8 Apixaban (Eliquis) Apixaban makes the blood less likely to clot by blocking a protein (Factor Xa) in the blood. This protein plays a key role in the blood clotting process. Apixaban is usually prescribed at a dose of 5mg, twice a day. It can be taken with or without food. If you have kidney problems, you will usually be given a reduced dose of 2.5mg. It is also advisable to take this medication at the same time each day. Apixaban is not usually recommended to be taken during pregnancy or while breast feeding. It also interacts with other types of medication such as antifungal agents, anticonvulsants, anti-inflammatory medication, medicines that affect blood clotting and herbal remedies such as St John s Wort. Always check any medication you plan to take with your GP or pharmacist before taking it. You should also read the patient information leaflets. The main side effect of apixaban is bleeding. Seek medical attention if you notice any of the following symptoms which may mean you are allergic to apixaban: swelling of the face, mouth, lips or tongue or difficulty breathing. You should be given a patient alert card before you start taking apixaban. Always carry this with you in case of an emergency. You should also tell your dentist you are taking this medication before you have any treatment. Which anticoagulant should I take? The most commonly prescribed anticoagulant is warfarin, but it does require careful monitoring. The advantages of the newer types of medication (dabigatran, rivaroxaban and apixaban) are that their effect on your blood is more stable and they are not affected by any foods that you eat, so they do not need to be monitored as carefully. You and your doctor should discuss which type of anticoagulant medication is most suitable for you. The NHS has produced an online tool to help you think about which is the best option for you. You can find this Decision Aid at: sdm. rightcare.nhs.co.uk/pda/stroke-preventionfor-atrial-fibrillation Anticoagulants and medical procedures If you need a medical procedure, your anticoagulant medication may need to be stopped beforehand. If you are taking warfarin you may be given an alternative medication such as heparin until you can take warfarin again. This decision should be made by your doctor who will assess the potential risks of having the procedure and stopping your medication. If you need an emergency operation, and you are taking an anticoagulant, you may need treatment beforehand to reverse the effects of your anticoagulant so you don t bleed too much during the procedure. If you have any concerns about the medication you are taking, discuss them with your doctor. 8

9 What else do I need to know? Please note that we have not provided an exhaustive list of side effects and drug interactions. Always refer to the patient information leaflet that comes with your medication for a full list. Tell your doctor about any new medication you are taking. Your pharmacist may also be able to give you advice about your medication. Never stop taking your medication if you feel unwell. Always contact your GP for advice stopping medication suddenly can be dangerous. In a medical emergency, always call 999. What else can I do to reduce my risk of stroke? There are many things you can do to lower your chances of having a stroke (see box below). We have factsheets on all these issues, so contact us for more information. Tips for reducing your risk Stop smoking. Limit the amount of alcohol you drink. Follow a healthy diet. Exercise regularly. Have regular check-ups with your GP. Manage any other medical conditions you have such as high cholesterol or diabetes. Take any medication you are prescribed for them and follow any lifestyle advice. Useful organisations All organisations are UK wide unless otherwise stated. Stroke Association Stroke Helpline: Website: stroke.org.uk Contact us for information about stroke, emotional support and details of local services and support groups. We have a range of factsheets on the effects of stroke and reducing your risk of stroke. Anticoagulation Europe Tel: Website: They provide information and support for people on anticoagulant medications. Arrhythmia Alliance Tel: (24 hour) Website: They support people with all types of heart arrhythmias. Atrial Fibrillation Association Tel: (24 hour) Website: They support people with AF, offering a range of leaflets on AF with treatments and types of medication, plus details of AF specialists. British Heart Foundation Tel: Website: They provide information and support on heart issues, including AF and warfarin. 9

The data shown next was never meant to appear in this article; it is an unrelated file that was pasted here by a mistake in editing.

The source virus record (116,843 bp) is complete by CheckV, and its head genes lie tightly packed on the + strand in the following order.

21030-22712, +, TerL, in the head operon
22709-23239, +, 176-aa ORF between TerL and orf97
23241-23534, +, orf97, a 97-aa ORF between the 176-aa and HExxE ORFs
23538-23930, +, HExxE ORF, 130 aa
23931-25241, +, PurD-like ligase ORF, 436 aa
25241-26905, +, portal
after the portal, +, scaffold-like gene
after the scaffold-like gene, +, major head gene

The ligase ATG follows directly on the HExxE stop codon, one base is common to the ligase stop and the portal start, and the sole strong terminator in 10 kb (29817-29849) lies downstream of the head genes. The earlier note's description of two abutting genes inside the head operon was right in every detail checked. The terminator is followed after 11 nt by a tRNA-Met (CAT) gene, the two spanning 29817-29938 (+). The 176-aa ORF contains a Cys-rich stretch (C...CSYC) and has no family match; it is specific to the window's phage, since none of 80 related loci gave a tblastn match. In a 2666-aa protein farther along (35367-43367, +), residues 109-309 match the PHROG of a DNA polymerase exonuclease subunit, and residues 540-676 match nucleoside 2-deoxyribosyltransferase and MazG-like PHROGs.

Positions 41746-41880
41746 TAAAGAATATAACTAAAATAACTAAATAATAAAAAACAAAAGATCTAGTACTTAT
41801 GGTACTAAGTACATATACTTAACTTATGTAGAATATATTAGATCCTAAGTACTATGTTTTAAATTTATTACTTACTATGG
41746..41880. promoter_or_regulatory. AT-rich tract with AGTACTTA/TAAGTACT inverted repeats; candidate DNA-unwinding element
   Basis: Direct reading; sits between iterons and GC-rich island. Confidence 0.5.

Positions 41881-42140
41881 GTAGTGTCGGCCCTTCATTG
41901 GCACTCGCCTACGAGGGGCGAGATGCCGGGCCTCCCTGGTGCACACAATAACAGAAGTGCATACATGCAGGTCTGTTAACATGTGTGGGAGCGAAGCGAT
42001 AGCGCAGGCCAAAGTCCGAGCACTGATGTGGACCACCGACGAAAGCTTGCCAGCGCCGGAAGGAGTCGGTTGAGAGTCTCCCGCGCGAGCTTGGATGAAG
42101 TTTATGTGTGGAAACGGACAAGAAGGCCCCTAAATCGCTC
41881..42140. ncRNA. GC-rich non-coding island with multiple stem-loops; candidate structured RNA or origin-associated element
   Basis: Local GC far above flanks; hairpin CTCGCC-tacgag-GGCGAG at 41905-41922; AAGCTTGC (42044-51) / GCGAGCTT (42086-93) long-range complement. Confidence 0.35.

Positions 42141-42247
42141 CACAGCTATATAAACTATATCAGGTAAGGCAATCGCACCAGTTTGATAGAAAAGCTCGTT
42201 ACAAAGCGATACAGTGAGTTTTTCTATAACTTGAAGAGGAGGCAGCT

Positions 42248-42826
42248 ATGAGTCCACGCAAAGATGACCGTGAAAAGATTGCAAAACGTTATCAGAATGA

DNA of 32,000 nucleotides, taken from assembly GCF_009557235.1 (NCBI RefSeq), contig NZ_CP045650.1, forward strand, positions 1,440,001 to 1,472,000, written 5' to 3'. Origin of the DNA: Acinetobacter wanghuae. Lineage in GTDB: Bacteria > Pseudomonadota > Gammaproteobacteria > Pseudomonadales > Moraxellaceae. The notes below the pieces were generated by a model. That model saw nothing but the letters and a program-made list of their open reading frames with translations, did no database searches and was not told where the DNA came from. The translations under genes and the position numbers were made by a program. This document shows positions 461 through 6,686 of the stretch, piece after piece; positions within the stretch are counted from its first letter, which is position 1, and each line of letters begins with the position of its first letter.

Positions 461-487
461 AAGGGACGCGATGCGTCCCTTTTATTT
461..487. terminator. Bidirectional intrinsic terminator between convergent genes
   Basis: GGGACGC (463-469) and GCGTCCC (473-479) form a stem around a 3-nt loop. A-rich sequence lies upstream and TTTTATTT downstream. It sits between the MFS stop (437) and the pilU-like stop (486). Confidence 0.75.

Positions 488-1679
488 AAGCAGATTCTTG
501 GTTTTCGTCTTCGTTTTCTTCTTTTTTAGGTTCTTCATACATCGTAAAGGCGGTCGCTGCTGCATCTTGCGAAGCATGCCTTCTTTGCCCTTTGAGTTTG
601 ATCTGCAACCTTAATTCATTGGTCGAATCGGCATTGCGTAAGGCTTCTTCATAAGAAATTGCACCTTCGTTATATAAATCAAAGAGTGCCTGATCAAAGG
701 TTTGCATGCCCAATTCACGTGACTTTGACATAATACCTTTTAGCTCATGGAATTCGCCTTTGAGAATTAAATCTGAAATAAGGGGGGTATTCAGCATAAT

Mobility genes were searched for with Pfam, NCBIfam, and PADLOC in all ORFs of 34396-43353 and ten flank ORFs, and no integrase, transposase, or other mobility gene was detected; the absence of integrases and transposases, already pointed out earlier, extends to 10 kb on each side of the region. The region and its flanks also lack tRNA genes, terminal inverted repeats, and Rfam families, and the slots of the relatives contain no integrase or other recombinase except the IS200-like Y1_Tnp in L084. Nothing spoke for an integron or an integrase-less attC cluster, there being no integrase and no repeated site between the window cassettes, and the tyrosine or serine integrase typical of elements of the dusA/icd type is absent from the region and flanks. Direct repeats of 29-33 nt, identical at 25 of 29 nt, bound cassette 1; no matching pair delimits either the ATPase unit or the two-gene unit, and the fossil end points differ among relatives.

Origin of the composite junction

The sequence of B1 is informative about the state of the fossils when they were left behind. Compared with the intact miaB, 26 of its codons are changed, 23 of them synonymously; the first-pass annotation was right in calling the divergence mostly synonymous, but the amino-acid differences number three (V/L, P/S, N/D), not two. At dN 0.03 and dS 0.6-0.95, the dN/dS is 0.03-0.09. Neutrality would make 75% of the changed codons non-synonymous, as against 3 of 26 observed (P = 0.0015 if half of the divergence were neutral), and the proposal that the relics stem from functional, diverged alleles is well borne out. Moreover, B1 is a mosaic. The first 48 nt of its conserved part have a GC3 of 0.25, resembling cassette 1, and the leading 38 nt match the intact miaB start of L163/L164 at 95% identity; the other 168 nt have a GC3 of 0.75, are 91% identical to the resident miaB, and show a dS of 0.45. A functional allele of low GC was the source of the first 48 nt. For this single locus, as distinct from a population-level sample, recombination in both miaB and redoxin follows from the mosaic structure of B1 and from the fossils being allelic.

10 NHS Choices (England and Wales) Website: They offer general information on all aspects of health, including stroke and AF, and treatments. NHS Scotland NHS Inform Helpline: They offer information on health conditions, treatments and health services in Scotland. Northern Ireland (NI) Direct Government Services Website: They offer information on health and wellbeing. Disclaimer: The Stroke Association provides details of other organisations for information only. Inclusion in this factsheet does not constitute a recommendation Glossary of terms Anticoagulant = a type of blood-thinning medication Apixaban (Eliquis) = a new anticoagulant medication used to reduce the risk of stroke in people with AF Atrial flutter = a condition similar to AF, with a fast but regular heartbeat Cardiologist = a heart specialist Cardioversion = a procedure which returns the heart rate to normal Dabigatran etexelate = a new anticoagulant medication used to reduce the risk of stroke in people with AF ECG = electrocardiogram a test of the electrical activity of your heart Echocardiogram = a test using sound waves to check the structure and function of your heart Electrophysiologist = a heart specialist that carries out some treatments including catheter ablation INR (international normalised ratio) = a measure of how your blood clots Rivaroxiban = a new anticoagulant medication used to reduce the risk of stroke in people with AF Warfarin = an anticoagulant medication often used to reduce the risk of stroke in Produced by the Stroke Association s Information Service. For sources used, visit stroke.org.uk Stroke Association Factsheet 26, version 1 published June 2013 (next review due March 2015). Item code: A01F26 The Stroke Association is a company limited by guarantee, registered in England and Wales (No 61274). Registered office: Stroke Association House, 240 City Road, London EC1V 2PR. Registered as a charity in England and Wales (No ) and in Scotland (SC037789). Also registered in Northern Ireland (XT33805), Isle of Man (No 945) and Jersey (NPO 369). 10